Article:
Maria Scruggs, president of the St. Petersburg Branch of the NAACP, is 100 percent behind FAST’s call to release quarterly accountability reports.
BY RAVEN JOY SHONEL, Staff Writer
ST. PETERSBURG – A crowd of 3,000 concerned Pinellas County residents made up this year’s Faith and Action Strength Together (FAST) Nehemiah Action Assembly at Tropicana Field.
Since 2004, a group of diverse congregations have worked together to address issues of poverty and injustice in Pinellas County, while holding locally elected officials feet to the fire.
On the March 19 agenda regarding schools, school board members were asked if they would advocate for specific restorative justice practices other than the one that is in place now. In response to the concerns of FAST, this year Pinellas County Schools announced that they will be embracing Restorative Justice Practices and they plan to roll out these practices in all 123 schools.
While this is great news, FAST is concern that the district does not seem to have plans to do a high-quality implantation of this new plan, which requires a commitment to ongoing training, coaching and monitoring. They are encouraged, however, that the district has identified the highly experience International Institute of Restorative Practices (IIRP) to train some school staff, but one to two people per school who have been to a five-day training is not enough to change the entire school and provide adequate coaching and monitoring.
Two out of seven school board members were present, and after some circuitous answers, Joanne Lentino said she would advocate for a more complete Restorative Justice Practices plan, while Linda Lerner said no.
County Commissioners present, L-R, Ken Welch, Charlie Justice, Pat Gerard and Dave Eggers
FAST would like to see restorative practices implemented correctly the first time, citing the IIRP for their “Safer Saner Schools Whole School Change” model. This would mean IIRP would bring in experienced trainers to customize a plan for each school, train all school staff and provide monthly coaching, monitoring and support for two full years.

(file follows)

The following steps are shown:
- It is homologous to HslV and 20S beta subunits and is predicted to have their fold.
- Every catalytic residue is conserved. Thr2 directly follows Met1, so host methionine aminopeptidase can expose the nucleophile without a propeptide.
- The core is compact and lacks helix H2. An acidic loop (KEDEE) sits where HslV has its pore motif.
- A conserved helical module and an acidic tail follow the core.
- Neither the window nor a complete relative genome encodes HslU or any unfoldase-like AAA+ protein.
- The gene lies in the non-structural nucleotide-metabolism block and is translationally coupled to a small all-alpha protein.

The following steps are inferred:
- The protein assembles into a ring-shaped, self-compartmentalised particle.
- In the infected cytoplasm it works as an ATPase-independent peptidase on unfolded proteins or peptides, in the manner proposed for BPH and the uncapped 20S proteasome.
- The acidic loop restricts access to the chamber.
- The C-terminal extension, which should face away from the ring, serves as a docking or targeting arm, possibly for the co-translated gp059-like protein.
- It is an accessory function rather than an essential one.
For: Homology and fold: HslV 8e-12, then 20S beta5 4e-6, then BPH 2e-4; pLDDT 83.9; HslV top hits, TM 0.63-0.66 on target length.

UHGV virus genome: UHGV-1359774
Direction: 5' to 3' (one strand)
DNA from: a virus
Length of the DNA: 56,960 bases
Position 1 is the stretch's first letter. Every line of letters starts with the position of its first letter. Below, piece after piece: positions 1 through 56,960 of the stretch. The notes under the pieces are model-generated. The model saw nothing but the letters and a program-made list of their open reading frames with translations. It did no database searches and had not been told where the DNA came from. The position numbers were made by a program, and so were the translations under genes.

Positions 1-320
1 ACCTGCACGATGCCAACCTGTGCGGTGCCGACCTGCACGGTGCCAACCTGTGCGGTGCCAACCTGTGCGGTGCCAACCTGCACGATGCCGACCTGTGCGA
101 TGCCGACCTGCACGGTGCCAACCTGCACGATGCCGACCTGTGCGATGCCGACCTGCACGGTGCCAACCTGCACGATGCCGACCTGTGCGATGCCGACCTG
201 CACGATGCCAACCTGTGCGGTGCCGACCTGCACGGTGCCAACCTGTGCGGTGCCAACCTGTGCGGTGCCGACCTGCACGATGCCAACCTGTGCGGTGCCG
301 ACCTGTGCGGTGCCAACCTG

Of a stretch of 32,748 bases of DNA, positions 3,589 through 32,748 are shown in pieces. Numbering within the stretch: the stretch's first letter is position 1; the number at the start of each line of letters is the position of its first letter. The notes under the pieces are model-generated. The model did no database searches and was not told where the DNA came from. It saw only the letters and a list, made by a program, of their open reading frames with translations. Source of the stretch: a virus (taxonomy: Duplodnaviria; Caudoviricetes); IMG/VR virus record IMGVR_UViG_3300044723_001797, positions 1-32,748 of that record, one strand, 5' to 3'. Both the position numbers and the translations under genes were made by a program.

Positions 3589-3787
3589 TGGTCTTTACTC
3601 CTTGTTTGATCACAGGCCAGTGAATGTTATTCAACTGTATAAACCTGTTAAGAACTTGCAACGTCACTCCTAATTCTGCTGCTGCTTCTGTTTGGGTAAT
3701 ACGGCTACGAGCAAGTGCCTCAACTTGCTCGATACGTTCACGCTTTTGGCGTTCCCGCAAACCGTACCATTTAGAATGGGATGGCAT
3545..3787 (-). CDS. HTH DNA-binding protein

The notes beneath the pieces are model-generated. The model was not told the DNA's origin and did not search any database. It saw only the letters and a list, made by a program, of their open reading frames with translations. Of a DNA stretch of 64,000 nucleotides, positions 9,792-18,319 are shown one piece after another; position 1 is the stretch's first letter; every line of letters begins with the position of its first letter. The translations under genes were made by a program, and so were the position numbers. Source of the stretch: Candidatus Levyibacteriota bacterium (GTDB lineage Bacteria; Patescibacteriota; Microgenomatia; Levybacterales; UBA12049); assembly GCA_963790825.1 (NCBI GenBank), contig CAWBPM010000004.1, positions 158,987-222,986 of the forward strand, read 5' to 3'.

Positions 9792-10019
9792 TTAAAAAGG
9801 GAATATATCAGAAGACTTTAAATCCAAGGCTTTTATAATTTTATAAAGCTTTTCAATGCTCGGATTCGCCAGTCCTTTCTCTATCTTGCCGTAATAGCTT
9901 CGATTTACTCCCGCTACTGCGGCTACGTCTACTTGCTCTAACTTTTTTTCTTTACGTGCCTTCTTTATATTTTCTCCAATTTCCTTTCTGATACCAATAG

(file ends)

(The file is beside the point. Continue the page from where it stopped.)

While they understand training 123 schools would not be feasible, they are suggesting that the district begins with a pilot in a smaller number of schools such as the one Louisville, Ky., implemented.
“We’re tired of our school district giving lip service to good programs but not implementing them correctly,” said Rev. Clark Hazley of Mt. Pilgrim Missionary Baptist.
Lerner stuck to her guns saying that it is to her understanding that the current plan encompasses what FAST officials were talking about. Her answer was recorded as a no.
School Board members Linda Lerner and Joanne Lentino
“I go to schools, they are going beyond circles,” Lerner stated. “It’s being implemented right now. I want it implemented in the way we’re implementing it in all 123 schools.”
They were also asked if they would advocate for the school district to release quarterly accountability reports of suspensions, arrests and reading scores broken down by the school and race.
Lerner said that “pages and pages” of comprehensive reports are already available on the district’s website.
“The important thing is on a daily basis the educators at the schools have all the data,” she said. “The other important thing is that parents can ask how their child is doing at the school.”
Last year, FAST asked the school district to start releasing quarterly accountability reports, which is already compiled on a monthly basis for review by administrators but currently not released until June or July, after the school year has ended.
Last spring, a majority of school board members committed to start releasing these quarterly accountability reports and the superintendent confirmed that this information would be available for the 2017-18 school year. To date, no reports have been received.
Again, in a roundabout way, Lentino committed while Lerner refused.
And although the crowd was not pleased with Lerner’s answers, she did have the courage to show up to the assembly. The five School Board candidates running in the August election: District 2 candidates Jeff Larsen and Emmanuel Swift, District 3 candidate Nicole Carr and District 7 candidates Nick Wright and Bilan Joseph, however, made sure their presences were known.
To the Pinellas County Commission, FAST officials wanted a statement that at least 4.15 percent off the top of Penny for Pinellas funds would be spent on affordable housing, language that clarifies how the money will be spent and a statement that the county will set a goal to spend at least 10 percent of the affordable housing funds every year.
All Pinellas County Commissioners present, Ken Welch, Charlie Justice, Pat Gerard, Dave Eggers and John Morroni answered in the affirmative. Morroni was not present but sent in his response.
Due to the public outcry lifted up at last year’s Nehemiah Action assembly, in addition to the county money, the City of St. Petersburg approved $15 million of their Penny for Pinellas funds to be used for affordable housing. This money is in the budget and approved by the city council and the mayor.
City Councilmember Darden Rice has agreed to sponsor a resolution that would mandate income guidelines assuring that the money will be spend on families making $47,000 or less. So far, a majority of the council has said they will support this resolution.
For more information, go to fast-pinellas.org.